Ontario Construction News staff writer
The federal budget released Mar. 28 fell short of creating the right conditions to secure economic growth and stability through concrete action on workforce capacity building, fair procurement, and trade-enabling infrastructure investment, says the Canadian Construction Association (CCA).
“The government needs to create a more supportive environment to alleviate the labour choke points that risk crippling Canada’s economic growth,” says Mary Van Buren, CCA president. “This includes changing an outdated immigration point system and working with provinces to ensure better skills matching.”
Canada’s construction industry is ready to become a leader in the transition to a net-zero economy and is optimistic about the promised investments in green building and innovation, including the clean technologies and clean hydrogen tax credits, Van Buren said. However, “the restrictive labour conditions attached to these incentives effectively discriminate against an important segment of the Canadian workforce and, in particular, small and medium-sized companies.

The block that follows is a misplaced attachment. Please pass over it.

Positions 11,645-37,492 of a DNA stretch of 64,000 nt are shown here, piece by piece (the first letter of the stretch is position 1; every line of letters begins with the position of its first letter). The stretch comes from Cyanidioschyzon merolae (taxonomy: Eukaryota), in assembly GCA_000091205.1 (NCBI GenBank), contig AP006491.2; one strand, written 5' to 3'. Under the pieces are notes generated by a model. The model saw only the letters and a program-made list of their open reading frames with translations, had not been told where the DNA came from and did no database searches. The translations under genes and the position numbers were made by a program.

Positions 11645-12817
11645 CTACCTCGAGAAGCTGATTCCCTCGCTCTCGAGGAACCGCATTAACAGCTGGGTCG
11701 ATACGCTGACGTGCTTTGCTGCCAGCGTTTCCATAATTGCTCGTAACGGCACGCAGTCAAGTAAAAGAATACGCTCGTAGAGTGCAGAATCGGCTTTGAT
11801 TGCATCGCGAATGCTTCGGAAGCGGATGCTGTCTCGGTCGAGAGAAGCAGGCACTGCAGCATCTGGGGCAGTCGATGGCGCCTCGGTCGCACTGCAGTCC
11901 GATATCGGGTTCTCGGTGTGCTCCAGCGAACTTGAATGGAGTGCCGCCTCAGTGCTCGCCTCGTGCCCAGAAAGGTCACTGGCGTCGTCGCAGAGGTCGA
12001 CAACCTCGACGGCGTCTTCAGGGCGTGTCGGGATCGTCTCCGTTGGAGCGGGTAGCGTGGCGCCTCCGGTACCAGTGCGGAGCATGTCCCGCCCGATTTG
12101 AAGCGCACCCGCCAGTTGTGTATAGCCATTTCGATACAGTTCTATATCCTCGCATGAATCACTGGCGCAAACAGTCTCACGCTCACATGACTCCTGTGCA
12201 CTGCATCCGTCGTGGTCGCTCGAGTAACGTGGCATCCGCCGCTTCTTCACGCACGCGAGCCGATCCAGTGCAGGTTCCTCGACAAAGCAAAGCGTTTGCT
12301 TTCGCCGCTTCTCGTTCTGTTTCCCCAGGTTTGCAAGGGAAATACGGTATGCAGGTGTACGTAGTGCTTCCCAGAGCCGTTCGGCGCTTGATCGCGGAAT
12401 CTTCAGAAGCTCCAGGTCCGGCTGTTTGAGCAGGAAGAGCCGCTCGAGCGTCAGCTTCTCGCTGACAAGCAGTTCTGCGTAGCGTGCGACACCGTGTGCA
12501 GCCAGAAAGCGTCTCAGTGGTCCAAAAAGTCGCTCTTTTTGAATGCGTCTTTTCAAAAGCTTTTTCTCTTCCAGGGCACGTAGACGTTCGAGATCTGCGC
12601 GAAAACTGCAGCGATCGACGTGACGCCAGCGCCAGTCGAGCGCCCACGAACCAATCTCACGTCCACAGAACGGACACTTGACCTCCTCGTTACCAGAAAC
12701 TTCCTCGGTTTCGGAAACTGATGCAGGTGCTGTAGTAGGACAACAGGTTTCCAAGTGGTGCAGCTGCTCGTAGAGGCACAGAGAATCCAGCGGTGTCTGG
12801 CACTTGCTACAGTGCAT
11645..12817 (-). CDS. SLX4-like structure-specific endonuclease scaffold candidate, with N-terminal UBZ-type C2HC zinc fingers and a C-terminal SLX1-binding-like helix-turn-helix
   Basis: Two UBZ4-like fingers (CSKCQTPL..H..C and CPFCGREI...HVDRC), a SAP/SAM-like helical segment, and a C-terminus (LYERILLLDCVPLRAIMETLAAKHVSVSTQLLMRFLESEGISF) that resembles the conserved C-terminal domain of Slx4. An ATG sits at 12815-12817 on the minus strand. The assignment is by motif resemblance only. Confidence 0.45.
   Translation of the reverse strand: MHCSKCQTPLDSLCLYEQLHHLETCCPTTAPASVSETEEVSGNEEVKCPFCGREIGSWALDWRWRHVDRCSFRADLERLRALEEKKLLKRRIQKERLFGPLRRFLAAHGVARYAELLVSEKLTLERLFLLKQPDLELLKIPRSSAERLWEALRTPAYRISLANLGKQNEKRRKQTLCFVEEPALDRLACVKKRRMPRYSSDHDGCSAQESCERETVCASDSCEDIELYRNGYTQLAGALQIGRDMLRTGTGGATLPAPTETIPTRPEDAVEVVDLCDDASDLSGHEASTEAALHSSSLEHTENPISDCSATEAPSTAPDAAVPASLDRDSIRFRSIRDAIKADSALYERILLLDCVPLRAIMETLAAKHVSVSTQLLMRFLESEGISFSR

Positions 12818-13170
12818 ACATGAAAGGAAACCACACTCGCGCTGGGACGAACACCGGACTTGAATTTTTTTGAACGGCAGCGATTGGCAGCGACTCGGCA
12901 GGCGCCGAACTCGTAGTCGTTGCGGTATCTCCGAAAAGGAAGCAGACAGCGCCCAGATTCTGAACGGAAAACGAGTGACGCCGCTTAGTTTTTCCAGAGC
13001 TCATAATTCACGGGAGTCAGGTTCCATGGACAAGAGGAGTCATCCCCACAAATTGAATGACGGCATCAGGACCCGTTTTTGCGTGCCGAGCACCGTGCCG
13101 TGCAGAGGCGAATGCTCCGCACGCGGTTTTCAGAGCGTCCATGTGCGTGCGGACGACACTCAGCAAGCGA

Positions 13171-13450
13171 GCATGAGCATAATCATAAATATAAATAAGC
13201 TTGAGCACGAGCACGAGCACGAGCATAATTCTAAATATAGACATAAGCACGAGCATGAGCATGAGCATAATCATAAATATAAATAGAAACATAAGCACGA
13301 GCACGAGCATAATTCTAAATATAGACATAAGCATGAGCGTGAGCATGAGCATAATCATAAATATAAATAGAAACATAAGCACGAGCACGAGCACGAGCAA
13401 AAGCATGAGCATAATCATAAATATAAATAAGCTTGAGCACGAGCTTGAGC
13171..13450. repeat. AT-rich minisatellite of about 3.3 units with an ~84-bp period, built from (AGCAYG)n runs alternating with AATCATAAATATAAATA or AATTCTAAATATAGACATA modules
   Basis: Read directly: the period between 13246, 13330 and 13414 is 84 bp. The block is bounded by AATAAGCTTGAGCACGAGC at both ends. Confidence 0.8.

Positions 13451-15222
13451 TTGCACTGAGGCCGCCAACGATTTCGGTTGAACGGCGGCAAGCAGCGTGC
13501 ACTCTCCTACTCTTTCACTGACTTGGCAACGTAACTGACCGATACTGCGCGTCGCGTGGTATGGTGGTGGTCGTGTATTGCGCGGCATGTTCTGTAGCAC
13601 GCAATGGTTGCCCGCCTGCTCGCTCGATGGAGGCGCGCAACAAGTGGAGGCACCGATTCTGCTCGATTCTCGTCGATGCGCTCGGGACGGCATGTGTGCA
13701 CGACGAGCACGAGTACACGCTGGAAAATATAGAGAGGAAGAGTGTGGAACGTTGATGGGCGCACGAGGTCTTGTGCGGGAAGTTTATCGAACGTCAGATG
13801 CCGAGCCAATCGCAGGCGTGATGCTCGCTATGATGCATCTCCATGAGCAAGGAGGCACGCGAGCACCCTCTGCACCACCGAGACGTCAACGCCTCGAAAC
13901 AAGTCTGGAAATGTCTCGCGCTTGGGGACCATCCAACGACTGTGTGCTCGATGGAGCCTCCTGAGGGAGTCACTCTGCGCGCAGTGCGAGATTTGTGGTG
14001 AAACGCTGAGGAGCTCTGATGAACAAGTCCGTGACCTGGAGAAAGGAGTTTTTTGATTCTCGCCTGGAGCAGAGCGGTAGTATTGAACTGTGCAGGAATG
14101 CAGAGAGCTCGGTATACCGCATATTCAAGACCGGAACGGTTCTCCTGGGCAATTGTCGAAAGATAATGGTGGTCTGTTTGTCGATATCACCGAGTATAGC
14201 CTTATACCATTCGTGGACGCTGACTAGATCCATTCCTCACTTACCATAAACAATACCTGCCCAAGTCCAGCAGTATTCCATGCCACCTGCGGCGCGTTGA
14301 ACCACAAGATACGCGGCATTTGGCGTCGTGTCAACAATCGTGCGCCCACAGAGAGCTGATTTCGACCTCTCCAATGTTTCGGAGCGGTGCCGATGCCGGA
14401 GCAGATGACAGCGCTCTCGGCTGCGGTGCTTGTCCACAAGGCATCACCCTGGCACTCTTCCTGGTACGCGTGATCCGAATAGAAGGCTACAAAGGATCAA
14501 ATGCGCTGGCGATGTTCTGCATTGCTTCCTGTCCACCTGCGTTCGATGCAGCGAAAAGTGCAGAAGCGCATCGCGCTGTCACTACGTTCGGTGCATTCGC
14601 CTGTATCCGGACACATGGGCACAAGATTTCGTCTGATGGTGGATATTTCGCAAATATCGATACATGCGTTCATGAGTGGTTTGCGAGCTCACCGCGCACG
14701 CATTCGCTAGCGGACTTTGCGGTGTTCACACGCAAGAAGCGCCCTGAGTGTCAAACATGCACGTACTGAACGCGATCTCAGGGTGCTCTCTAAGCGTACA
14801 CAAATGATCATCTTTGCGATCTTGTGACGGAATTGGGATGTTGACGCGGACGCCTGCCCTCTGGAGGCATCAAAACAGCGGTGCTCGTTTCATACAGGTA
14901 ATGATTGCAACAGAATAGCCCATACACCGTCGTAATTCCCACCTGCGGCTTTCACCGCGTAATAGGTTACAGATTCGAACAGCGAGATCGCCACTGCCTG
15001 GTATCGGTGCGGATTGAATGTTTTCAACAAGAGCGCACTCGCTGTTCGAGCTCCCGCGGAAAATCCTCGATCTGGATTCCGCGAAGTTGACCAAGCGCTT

“Equally concerning is that these restrictions were announced without proper consultation of industry stakeholders.”
The construction industry is also frustrated and disappointed by the lack of movement on the national infrastructure assessment, an initiative that was announced in Budget 2021. A long-term infrastructure plan is needed to address aging infrastructure, develop a trade corridor that strengthens supply chains, and build a steady pipeline of skilled and talented workers.
CCA concludes that budget 2023 “fails to recognize that the construction industry is a key player in achieving Canada’s net-zero targets, providing rewarding employment opportunities and building the infrastructure that Canadians rely on every day.”
For more information read CCA’s pre-budget submission.